All of New Mexico's Troubles Began in Taos: An Anthropological Look and Evaluation of the Taos Pueblo Indians and their history

Essay by HotussiUniversity, Bachelor'sA+, April 2006

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The word Tao, while Native American in origin, is not necessarily a native term for the inhabitants of the small village in Northern New Mexico at the base of the Sangre de Cristo Mountains. Instead, it is the word other Rio Grande Pueblo Indians use to refer to their Pueblo dwelling friends. Roughly translated it means "to the north" or for the Taos Indians themselves; "to or toward the village" (Bodine 1977: 25). Later, during the Spanish conquest of New Mexico in the late 16th century, the Spaniards, in their habit of adding an "s" to nouns to form the plural, forever changed the name to what we know now as the Taos Pueblo Indians (Bodine 1977: 26). The Taos refer to themselves and their Pueblos as "lalaphin" meaning "red willow trees" or Red Willow People (Alpert 1983: 15). The Taos Indians speak Taos, a dialect of Tiwa. It is closely related to the three other Tiwa speaking Pueblo tribes in the area; The Picuris, The Isleta and The Sandia.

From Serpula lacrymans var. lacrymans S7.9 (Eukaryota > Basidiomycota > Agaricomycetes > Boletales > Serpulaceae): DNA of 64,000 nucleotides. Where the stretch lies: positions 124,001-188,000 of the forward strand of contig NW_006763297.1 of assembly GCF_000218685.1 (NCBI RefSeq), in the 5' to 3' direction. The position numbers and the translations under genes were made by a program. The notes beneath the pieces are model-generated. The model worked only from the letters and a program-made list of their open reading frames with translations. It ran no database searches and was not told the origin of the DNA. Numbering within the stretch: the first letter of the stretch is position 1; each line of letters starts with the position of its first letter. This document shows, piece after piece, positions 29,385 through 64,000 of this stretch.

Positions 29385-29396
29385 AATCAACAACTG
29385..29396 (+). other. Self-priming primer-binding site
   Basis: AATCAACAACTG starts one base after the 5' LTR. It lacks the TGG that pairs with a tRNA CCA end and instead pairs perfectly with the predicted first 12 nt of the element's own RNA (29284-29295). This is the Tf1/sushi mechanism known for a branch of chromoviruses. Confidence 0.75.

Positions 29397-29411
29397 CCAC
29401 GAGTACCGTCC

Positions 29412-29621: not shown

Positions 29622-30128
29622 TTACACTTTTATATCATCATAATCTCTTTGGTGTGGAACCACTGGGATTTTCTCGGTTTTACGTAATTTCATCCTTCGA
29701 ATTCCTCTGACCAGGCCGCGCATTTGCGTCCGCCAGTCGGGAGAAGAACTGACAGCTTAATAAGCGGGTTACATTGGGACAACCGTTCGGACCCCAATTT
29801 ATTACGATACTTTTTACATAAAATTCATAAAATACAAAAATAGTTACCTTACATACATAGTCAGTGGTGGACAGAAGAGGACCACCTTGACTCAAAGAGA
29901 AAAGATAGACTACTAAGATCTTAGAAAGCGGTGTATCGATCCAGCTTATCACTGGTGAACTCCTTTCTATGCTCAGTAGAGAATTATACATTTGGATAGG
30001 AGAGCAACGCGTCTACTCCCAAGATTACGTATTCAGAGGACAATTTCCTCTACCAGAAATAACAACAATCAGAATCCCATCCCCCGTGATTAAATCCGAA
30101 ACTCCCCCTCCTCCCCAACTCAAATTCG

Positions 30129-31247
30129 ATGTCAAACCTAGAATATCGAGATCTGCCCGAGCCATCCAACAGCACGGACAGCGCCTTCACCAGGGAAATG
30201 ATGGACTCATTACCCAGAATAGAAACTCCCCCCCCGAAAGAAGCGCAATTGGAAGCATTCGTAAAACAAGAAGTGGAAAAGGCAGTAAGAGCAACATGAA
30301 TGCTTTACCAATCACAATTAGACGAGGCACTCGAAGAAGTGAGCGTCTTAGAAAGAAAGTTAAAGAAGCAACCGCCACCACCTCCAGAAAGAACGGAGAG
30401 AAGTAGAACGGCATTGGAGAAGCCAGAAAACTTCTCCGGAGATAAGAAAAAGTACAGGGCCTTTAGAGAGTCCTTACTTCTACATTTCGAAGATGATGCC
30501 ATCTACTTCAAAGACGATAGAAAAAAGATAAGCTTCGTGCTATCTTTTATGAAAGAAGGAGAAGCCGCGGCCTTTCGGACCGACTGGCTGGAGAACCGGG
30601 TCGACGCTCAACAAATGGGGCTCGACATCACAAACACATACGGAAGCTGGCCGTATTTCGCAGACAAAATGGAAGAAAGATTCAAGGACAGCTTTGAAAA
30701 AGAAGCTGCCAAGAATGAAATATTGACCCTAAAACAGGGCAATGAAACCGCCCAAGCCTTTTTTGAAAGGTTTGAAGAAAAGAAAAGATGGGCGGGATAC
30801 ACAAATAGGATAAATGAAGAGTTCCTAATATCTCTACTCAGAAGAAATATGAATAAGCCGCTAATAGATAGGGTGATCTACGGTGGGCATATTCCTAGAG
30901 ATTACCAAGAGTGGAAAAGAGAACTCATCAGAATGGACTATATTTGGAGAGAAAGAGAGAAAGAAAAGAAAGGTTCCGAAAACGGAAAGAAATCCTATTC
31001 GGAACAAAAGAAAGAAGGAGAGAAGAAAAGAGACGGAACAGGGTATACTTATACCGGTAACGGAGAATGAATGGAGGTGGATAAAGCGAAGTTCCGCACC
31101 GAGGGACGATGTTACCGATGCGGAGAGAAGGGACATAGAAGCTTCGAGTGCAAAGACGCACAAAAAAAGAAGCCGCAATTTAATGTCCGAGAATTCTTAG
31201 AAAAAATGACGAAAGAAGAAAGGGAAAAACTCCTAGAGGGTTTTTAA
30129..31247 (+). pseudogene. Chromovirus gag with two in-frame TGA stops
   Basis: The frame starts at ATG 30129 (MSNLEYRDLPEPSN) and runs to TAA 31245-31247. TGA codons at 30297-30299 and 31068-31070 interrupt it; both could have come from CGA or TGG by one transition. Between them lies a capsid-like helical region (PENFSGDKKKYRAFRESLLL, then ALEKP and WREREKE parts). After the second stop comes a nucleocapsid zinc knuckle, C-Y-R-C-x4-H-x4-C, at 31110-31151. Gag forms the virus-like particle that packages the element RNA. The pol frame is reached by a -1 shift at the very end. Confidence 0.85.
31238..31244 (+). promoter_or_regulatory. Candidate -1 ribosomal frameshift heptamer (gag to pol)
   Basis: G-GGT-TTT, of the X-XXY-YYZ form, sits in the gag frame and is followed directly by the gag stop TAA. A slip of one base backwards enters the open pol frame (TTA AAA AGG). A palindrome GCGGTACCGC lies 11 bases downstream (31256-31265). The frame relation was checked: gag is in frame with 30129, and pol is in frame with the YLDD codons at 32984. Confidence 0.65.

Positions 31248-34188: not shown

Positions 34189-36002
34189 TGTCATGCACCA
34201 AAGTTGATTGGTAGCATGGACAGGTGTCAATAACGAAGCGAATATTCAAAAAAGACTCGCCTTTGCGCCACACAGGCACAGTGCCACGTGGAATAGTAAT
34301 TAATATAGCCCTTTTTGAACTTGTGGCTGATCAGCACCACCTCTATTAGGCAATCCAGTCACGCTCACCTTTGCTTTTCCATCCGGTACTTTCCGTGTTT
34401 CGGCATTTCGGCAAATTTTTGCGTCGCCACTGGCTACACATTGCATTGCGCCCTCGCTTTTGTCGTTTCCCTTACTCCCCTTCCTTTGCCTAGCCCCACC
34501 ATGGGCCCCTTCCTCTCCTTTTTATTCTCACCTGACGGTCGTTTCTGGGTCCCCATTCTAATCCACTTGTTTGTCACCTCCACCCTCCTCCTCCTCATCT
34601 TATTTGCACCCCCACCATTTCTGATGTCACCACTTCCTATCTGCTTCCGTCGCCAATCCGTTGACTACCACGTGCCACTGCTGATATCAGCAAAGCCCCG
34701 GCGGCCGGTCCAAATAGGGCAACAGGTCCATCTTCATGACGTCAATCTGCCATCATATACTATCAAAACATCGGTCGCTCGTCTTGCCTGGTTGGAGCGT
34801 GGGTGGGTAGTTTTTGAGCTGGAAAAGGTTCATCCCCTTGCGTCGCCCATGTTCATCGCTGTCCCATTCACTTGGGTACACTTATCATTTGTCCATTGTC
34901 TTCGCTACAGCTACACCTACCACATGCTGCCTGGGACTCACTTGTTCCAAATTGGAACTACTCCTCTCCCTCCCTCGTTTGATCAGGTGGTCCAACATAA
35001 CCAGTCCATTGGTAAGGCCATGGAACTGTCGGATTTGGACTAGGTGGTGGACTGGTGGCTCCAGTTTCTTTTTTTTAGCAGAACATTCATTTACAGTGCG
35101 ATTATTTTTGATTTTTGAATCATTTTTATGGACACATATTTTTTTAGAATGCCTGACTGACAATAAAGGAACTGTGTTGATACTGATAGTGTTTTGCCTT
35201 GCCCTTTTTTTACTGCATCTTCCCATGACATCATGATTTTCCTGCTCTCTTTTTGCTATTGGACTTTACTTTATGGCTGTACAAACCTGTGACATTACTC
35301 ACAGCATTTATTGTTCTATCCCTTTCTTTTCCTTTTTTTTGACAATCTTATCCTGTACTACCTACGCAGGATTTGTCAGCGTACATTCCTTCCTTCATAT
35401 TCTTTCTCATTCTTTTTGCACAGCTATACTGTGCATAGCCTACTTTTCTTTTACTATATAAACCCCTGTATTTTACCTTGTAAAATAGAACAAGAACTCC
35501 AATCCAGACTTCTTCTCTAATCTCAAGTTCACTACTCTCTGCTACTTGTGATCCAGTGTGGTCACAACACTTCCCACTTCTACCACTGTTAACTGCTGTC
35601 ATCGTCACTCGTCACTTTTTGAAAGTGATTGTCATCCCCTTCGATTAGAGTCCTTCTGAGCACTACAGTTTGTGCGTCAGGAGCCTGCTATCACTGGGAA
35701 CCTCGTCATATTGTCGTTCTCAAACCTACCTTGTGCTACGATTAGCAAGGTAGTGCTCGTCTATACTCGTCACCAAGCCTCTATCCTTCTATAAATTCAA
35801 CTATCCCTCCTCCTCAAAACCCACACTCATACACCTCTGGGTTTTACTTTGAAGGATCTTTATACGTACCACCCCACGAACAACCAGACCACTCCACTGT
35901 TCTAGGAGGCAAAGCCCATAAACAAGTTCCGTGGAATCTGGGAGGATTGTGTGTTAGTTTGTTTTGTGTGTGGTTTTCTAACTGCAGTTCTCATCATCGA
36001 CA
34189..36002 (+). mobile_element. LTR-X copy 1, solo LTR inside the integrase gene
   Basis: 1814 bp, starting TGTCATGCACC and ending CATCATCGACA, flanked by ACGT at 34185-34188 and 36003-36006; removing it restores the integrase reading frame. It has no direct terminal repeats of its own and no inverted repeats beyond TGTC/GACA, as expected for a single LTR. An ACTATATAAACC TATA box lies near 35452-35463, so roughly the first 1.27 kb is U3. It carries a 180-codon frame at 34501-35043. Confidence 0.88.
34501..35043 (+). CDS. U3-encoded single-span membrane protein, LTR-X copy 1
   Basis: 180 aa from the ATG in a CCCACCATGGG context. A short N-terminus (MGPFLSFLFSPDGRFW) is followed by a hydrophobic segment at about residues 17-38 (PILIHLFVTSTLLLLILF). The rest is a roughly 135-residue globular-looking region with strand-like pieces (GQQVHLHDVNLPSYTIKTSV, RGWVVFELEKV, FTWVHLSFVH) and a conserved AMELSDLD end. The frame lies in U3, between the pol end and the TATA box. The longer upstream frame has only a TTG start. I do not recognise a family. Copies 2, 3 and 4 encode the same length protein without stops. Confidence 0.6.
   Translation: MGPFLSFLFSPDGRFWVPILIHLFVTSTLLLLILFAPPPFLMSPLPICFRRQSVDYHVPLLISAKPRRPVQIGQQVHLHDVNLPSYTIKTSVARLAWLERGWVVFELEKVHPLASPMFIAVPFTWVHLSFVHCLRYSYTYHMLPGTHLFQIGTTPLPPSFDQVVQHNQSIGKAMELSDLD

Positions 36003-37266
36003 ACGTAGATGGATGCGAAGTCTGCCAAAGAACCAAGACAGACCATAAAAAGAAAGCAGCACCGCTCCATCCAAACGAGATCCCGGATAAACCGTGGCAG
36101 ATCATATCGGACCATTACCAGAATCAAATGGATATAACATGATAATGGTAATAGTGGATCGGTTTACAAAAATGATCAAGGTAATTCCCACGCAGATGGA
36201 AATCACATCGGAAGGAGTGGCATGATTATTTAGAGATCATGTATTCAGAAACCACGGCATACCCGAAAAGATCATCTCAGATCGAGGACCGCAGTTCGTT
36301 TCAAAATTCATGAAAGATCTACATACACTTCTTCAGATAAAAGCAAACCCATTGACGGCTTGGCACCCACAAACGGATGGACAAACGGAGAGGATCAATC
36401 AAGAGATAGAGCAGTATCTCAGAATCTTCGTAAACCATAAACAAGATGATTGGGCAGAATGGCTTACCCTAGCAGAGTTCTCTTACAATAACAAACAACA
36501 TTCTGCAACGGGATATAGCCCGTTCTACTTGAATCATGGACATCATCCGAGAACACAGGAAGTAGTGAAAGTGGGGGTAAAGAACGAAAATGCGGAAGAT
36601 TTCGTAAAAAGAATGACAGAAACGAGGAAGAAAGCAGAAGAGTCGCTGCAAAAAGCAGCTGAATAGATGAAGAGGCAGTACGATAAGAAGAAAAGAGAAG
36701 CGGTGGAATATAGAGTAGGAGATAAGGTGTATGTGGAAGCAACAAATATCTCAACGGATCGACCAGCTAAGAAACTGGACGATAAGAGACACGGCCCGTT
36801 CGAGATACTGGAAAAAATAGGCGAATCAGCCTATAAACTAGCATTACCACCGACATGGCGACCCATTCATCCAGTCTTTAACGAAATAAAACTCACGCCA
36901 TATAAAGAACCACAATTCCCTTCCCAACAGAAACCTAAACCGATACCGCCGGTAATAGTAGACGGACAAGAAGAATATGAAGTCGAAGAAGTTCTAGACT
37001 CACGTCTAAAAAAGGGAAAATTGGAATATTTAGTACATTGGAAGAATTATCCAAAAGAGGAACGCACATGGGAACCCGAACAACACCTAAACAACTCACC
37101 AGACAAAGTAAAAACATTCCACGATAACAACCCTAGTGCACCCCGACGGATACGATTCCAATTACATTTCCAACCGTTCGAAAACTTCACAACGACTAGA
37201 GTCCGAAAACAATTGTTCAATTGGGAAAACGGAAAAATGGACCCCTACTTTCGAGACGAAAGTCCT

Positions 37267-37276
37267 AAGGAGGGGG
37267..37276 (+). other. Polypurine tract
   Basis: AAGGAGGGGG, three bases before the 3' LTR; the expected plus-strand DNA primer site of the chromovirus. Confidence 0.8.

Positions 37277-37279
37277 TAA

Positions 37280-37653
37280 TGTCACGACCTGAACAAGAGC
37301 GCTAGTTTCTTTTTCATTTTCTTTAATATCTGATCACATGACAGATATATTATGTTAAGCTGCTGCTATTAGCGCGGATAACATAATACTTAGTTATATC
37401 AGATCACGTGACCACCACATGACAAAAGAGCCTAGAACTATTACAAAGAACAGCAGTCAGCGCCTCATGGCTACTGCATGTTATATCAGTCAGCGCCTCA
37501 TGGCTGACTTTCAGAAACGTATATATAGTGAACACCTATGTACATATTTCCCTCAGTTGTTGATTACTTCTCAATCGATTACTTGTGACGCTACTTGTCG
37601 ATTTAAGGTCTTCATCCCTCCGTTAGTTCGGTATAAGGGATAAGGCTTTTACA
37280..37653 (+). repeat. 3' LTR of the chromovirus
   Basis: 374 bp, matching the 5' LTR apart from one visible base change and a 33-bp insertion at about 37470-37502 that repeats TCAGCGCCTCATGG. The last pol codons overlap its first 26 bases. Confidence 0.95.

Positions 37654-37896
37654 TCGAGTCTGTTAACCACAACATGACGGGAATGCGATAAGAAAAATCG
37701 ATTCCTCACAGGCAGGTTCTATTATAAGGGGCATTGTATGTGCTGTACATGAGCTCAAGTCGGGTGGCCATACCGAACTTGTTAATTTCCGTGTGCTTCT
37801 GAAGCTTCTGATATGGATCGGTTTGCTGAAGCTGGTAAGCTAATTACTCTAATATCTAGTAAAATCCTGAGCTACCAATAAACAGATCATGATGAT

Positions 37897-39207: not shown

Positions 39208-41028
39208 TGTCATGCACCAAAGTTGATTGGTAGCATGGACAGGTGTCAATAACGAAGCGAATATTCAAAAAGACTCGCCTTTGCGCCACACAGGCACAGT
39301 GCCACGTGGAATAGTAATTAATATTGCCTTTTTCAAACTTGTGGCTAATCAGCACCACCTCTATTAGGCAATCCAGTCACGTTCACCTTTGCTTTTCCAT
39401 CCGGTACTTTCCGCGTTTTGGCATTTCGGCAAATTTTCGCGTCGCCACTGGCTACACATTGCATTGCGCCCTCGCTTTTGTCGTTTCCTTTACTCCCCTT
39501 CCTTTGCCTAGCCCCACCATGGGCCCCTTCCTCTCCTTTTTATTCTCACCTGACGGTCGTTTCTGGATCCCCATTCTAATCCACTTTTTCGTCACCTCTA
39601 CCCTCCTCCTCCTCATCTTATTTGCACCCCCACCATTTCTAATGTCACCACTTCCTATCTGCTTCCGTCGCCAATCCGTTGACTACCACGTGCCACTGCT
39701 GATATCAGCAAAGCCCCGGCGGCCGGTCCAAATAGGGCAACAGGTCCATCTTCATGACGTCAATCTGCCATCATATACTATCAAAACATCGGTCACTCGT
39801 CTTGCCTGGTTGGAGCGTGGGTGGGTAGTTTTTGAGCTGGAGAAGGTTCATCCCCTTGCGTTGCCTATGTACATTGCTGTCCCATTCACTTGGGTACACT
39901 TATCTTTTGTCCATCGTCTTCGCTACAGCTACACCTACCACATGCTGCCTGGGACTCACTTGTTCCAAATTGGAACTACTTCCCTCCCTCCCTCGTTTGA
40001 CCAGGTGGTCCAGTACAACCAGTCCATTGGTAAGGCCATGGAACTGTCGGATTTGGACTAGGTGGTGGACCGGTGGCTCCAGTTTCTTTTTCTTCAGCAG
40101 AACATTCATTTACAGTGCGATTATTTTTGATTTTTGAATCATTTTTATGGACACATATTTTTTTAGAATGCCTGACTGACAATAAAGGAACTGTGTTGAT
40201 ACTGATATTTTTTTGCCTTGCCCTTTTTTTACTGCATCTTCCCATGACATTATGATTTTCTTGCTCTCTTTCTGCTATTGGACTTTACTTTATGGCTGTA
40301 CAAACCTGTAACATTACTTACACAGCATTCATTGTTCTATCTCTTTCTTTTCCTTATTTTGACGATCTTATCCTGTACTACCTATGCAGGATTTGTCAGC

The Taos Pueblo Indians are most well known for their Pueblo housing structures which have been continuously inhabited for the last 1000 years ( Their Pueblo (Latin in origin, meaning village) is a multi-storied series of apartments made of traditional adobe or adobe bricks. Adobe is made out of a crude mixture containing water, sand clay and straw. It is a rather hardy material known to keep cold weather out in the winter while also remaining cool in the summer (

The Taos Pueblo is thought to have been constructed sometime between 1000AD and 1400AD, however there is evidence of human settlement in the area dating back 3,000 years and some estimate that New Mexico was peopled by various Native Americans 10,000 years ago (Alpert 1983: 13-15). Additionally, hundreds of...